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Humankind’s tangled shrub of ancestry now has a new branch: Researchers in the Philippines announced today that they have discovered a species of ancient human previously unknown to science.

The small-bodied hominin, named Homo luzonensis, lived on the island of Luzon at least 50,000 to 67,000 years ago. The hominin—identified from a total of seven teeth and six small bones—hosts a patchwork of ancient and more advanced features. The landmark discovery, announced in Nature on Wednesday, makes Luzon the third Southeast Asian island in the last 15 years to bear signs of unexpectedly ancient human activity.

“For a long, long time, the Philippine islands [have] been more or less left [out],” says study coauthor and project leader Armand Mijares, an archaeologist at the University of the Philippines Diliman and a National Geographic grantee. But H. luzonensis flips the script, and it continues to challenge the outdated idea that the human line neatly progressed from less advanced to more advanced species.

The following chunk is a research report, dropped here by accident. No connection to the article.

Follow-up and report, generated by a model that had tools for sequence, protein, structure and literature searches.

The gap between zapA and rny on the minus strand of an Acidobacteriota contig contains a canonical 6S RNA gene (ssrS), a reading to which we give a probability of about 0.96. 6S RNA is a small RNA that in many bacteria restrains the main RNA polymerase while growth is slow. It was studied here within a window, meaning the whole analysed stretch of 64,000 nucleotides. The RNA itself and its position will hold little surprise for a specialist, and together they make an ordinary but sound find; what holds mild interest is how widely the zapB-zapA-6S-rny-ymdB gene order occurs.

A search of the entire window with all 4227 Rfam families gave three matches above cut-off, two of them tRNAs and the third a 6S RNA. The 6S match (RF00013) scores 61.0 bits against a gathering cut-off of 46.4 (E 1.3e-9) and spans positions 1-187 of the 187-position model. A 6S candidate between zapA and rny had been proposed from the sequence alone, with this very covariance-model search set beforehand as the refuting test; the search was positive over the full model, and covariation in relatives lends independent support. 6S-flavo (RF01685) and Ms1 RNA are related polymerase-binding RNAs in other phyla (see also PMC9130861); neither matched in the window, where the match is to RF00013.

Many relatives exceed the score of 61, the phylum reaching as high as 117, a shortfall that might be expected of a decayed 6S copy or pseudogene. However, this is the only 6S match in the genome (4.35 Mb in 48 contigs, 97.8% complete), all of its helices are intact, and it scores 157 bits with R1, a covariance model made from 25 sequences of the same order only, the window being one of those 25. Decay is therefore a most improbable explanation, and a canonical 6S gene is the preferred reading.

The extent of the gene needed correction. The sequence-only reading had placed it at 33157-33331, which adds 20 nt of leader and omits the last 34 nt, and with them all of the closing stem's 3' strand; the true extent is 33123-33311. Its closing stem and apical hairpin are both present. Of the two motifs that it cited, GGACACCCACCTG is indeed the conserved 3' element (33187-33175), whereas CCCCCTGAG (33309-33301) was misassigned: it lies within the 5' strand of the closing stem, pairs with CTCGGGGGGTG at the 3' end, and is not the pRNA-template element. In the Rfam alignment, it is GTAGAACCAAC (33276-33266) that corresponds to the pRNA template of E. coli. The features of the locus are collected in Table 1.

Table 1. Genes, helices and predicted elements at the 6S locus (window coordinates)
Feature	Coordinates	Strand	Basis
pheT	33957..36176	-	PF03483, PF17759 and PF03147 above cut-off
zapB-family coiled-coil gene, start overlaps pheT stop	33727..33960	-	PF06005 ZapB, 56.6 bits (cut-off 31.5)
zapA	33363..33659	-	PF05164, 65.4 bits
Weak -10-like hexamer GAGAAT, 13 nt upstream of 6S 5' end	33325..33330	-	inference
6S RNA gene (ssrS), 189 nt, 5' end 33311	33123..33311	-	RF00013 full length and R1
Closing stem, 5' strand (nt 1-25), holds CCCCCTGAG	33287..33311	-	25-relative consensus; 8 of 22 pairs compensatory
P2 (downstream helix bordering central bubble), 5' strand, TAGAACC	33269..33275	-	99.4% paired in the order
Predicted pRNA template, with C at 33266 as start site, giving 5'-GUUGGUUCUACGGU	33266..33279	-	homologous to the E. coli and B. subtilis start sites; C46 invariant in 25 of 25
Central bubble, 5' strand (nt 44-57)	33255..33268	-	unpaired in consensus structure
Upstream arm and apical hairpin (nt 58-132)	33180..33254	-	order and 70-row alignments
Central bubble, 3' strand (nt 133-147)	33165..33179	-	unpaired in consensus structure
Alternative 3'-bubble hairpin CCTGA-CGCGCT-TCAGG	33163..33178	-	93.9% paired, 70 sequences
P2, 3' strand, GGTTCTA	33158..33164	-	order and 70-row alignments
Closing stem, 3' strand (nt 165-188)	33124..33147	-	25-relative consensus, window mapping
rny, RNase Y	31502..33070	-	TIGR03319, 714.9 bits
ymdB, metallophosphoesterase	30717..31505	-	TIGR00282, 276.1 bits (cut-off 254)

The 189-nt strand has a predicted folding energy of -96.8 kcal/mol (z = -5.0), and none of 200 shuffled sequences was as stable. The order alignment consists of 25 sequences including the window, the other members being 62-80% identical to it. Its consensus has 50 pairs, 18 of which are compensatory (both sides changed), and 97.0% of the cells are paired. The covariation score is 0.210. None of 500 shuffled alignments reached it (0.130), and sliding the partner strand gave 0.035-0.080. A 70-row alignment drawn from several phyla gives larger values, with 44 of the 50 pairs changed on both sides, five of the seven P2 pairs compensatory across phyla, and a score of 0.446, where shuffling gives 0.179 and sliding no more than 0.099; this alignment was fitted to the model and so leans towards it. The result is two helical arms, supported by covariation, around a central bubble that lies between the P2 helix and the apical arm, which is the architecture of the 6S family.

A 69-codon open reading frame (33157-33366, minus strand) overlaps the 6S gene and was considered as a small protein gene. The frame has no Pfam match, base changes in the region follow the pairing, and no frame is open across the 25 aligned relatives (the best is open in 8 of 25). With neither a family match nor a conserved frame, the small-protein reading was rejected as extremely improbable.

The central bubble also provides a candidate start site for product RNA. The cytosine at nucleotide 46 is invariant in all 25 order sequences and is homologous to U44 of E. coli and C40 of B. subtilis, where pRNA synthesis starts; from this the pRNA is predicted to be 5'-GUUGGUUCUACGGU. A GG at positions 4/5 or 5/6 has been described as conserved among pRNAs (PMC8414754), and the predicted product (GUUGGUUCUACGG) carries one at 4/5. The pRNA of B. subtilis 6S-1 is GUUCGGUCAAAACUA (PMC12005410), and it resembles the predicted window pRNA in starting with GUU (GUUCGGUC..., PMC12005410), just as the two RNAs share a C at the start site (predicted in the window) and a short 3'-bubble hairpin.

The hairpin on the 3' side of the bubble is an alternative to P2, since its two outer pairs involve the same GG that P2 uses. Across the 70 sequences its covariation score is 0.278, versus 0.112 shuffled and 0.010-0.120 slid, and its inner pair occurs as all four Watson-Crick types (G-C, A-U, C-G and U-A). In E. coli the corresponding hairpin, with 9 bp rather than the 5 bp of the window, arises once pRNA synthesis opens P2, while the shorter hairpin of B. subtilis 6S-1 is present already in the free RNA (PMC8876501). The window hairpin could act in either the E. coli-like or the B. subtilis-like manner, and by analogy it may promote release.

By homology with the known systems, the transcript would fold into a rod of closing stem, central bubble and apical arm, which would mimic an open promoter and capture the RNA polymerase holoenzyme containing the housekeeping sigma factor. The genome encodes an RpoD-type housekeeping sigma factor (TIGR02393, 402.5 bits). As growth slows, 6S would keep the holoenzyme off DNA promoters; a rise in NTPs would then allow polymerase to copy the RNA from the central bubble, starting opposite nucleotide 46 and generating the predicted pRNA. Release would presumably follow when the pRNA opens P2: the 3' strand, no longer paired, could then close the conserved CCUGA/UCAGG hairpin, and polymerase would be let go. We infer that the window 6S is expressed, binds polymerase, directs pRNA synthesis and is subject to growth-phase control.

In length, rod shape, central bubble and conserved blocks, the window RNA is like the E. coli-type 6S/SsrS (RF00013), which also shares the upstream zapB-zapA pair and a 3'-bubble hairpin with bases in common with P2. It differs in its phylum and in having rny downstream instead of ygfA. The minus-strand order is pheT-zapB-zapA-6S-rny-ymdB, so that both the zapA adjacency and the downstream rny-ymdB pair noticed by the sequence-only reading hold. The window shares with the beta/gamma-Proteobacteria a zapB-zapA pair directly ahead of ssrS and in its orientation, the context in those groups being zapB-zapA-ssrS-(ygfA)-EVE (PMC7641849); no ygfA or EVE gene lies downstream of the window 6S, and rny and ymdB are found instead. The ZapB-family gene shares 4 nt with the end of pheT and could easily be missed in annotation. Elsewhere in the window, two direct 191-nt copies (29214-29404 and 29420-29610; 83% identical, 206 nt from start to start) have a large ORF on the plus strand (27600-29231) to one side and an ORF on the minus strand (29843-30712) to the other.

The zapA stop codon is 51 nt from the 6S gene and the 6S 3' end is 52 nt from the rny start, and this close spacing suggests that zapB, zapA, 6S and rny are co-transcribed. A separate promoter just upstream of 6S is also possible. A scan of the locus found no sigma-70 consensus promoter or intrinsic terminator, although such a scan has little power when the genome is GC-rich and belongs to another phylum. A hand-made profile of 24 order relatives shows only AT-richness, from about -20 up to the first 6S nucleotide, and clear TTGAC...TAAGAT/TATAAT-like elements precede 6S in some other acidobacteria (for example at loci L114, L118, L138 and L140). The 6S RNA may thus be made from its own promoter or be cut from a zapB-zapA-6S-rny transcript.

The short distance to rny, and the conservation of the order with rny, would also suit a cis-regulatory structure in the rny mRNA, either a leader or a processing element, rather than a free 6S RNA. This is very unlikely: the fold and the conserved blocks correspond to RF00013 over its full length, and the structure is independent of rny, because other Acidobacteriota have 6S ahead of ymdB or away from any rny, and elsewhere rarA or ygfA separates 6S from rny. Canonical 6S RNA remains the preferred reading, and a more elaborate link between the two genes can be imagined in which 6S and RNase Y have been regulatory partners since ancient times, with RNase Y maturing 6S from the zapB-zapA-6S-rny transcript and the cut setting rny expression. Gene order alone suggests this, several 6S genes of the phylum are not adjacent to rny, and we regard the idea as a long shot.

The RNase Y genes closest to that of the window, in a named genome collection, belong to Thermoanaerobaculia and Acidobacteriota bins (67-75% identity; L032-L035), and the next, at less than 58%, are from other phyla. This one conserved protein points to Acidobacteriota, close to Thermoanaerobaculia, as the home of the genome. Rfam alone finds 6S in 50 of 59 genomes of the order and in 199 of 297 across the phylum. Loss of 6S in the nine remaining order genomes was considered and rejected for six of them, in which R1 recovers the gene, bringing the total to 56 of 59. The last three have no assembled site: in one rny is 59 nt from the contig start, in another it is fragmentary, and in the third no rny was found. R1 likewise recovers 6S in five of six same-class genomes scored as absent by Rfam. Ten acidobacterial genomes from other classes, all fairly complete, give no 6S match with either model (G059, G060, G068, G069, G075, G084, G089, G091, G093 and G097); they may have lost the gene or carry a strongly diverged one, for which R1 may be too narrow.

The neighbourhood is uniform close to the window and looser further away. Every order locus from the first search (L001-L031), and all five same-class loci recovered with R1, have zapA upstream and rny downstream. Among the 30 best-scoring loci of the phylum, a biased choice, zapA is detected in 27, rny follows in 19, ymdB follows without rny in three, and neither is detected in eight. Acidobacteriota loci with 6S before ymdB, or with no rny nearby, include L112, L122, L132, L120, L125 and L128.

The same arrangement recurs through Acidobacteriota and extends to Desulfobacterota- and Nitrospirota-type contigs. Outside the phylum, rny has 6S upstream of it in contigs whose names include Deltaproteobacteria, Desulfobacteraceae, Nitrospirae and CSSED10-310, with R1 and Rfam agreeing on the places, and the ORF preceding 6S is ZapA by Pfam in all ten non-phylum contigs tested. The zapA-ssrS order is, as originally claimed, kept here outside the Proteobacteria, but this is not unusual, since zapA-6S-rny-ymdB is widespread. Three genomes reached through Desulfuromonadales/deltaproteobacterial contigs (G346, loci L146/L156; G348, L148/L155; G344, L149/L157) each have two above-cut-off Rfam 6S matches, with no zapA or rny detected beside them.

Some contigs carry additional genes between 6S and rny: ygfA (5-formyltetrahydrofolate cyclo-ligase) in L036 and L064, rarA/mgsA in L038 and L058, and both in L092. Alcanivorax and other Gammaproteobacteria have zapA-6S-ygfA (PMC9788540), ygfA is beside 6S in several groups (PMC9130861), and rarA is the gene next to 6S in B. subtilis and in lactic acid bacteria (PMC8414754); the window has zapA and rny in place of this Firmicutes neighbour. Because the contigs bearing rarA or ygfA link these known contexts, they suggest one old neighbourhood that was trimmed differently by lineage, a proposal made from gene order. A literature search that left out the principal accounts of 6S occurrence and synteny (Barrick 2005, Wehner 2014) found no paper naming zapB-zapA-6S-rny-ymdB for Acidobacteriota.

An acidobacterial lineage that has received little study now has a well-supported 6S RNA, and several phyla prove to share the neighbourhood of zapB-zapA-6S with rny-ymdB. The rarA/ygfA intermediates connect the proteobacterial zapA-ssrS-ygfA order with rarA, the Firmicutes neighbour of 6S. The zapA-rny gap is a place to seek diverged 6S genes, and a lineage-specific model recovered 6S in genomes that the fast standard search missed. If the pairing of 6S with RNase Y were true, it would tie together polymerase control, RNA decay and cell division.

“This new discovery made me thrilled,” Yousuke Kaifu, a paleoanthropologist at Tokyo’s National Museum of Nature and Science who was not part of the new study, says via email. “It further highlights remarkable diversity of archaic (primitive) hominins once present in Asia, in a way beyond my expectation.”

Aida Gómez-Robles, a paleoanthropologist at University College London who reviewed the study before publication, is hesitant to unequivocally say the find represents a new species. But she adds that all possibilities to explain the unusual fossils are equally intriguing.

“It’s absolutely one of the most important findings that [will] be out in a number of years,” she says.

Digging deeper into Asia’s past

Decades ago, the story of Asia seemed far more straightforward, if incomplete. Paleoanthropologists knew that archaic hominins such as Homo erectus ventured over land bridges into parts of what is now Indonesia nearly a million years ago. But farther east, it was thought that these hominins ran into ocean currents considered impassable without boats. Read more

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